Two graduate students at Florida Atlantic University are literally giving people a hand. They've developed a mechanical hand called the "Bionic Glove."
It's all made using a 3D printer.
Perry Weinthal had one question when he first met Chad Coarsey in a graduate school class.
"Would you like a new hand?" Weinthal asked.
Coasey was intrigued. He was born with an undeveloped left hand, but never used a prosthetic.
"I felt normal in my own skin," he explains.
The challenge from Weitnthal was too good for the bio-medical engineering student to pass up.
They found the basic design for a mechanical hand from an online idea-sharing community calledEnabling the Future.
The hand fits over a person's wrist. When they flex their wrist,all the fingers in the hand grip. Weinthal says it provides about 70% of the functionality of a real person.
"This allows me to drive, it allows me to carry my smartphone as I'm walking," says Coarsey while wearing the glove.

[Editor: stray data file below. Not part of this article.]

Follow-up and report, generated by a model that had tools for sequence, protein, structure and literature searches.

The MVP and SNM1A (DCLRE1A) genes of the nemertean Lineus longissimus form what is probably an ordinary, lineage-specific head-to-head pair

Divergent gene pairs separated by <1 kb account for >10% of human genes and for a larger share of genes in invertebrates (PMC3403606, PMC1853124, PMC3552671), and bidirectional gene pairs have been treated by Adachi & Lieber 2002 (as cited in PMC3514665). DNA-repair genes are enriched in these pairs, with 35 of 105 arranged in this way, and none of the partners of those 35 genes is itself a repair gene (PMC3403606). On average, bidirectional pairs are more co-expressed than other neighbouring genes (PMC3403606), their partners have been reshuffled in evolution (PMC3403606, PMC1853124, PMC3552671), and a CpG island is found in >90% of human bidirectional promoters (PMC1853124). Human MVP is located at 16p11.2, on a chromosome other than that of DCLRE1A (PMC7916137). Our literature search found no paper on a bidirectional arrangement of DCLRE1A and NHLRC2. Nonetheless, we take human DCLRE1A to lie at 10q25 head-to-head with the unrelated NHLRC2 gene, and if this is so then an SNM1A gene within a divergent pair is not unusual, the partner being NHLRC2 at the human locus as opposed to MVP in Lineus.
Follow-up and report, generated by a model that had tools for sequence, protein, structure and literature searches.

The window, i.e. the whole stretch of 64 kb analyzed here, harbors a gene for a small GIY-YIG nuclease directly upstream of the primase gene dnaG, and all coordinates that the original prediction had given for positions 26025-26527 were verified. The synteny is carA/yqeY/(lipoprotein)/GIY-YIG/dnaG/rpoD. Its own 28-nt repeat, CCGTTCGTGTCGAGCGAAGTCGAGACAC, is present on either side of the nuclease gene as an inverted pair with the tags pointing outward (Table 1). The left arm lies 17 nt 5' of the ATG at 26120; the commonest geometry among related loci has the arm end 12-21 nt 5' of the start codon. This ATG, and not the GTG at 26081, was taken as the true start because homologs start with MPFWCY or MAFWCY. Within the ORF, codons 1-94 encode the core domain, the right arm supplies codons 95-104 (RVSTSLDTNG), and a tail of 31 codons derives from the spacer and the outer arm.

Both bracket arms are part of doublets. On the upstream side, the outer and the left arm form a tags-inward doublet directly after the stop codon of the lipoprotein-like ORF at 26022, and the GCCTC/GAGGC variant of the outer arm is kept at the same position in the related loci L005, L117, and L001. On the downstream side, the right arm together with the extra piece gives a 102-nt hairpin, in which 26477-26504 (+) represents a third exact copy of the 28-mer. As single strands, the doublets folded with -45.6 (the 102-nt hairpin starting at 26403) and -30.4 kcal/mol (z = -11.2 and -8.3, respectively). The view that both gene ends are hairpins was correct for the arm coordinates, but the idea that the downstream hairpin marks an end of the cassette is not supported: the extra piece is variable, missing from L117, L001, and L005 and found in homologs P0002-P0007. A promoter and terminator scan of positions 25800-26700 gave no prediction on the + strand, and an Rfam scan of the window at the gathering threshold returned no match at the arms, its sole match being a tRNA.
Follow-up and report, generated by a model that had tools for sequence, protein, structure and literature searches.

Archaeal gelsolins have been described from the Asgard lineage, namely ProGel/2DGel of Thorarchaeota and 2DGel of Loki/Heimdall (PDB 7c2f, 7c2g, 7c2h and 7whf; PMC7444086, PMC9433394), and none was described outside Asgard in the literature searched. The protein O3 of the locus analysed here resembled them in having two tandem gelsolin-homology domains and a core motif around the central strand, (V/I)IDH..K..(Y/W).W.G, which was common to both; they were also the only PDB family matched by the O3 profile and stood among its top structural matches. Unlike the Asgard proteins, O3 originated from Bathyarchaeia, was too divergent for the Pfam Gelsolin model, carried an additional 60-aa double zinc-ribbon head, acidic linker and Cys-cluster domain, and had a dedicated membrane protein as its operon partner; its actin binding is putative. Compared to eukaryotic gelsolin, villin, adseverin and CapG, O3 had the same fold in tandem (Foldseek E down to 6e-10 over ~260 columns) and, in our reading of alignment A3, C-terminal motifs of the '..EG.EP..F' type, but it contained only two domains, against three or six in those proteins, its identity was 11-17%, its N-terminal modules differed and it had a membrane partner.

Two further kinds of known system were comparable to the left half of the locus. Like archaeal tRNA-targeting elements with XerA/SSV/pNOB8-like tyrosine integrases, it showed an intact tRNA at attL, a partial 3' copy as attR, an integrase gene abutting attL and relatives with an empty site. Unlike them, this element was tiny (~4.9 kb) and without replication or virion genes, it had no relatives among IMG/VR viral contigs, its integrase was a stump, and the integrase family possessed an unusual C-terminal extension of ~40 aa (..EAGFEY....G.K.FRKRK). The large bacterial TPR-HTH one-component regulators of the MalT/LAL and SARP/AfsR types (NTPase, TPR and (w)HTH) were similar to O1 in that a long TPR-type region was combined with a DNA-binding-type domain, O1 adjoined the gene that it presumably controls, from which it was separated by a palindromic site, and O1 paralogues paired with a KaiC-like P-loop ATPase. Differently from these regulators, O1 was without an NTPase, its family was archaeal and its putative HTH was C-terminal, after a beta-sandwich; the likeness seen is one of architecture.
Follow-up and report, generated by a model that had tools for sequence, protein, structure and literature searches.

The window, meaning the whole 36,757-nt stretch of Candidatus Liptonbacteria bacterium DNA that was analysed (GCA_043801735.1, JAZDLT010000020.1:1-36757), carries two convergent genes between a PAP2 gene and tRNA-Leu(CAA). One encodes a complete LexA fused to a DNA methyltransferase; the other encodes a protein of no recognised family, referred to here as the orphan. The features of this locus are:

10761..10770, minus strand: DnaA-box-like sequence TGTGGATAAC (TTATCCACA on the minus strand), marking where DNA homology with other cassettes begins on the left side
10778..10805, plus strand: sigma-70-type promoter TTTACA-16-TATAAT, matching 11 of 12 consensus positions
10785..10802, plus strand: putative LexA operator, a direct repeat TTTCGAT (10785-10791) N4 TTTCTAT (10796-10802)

It costs about $300 to make one bionic glove. Compared the tens of thousands of dollars for other prosthetics which connect to nerves and need electricity to work.
They build the hands using a 3D printer at the Tech Garage and Innovation Center at FAU's A.D. Henderson High School.
It uses plastic filament instead of ink. It works kind of like a hot glue gun, melting the plastic together in precise ways to form the parts of the hand which snap together.
Over the past eight months, Coarsey and Weinthal have modified the hand.
Now, they're launching a foundation called the Bionic Glove Project. Their goal is to provide hands to children.
They gave their first hand to 6-year-old Julian earlier this year.
"It's so heartwarming," Weinthal says. "When you build these, you know you're changing someone's life for the better."
Their goal now is to keep growing and changing lives.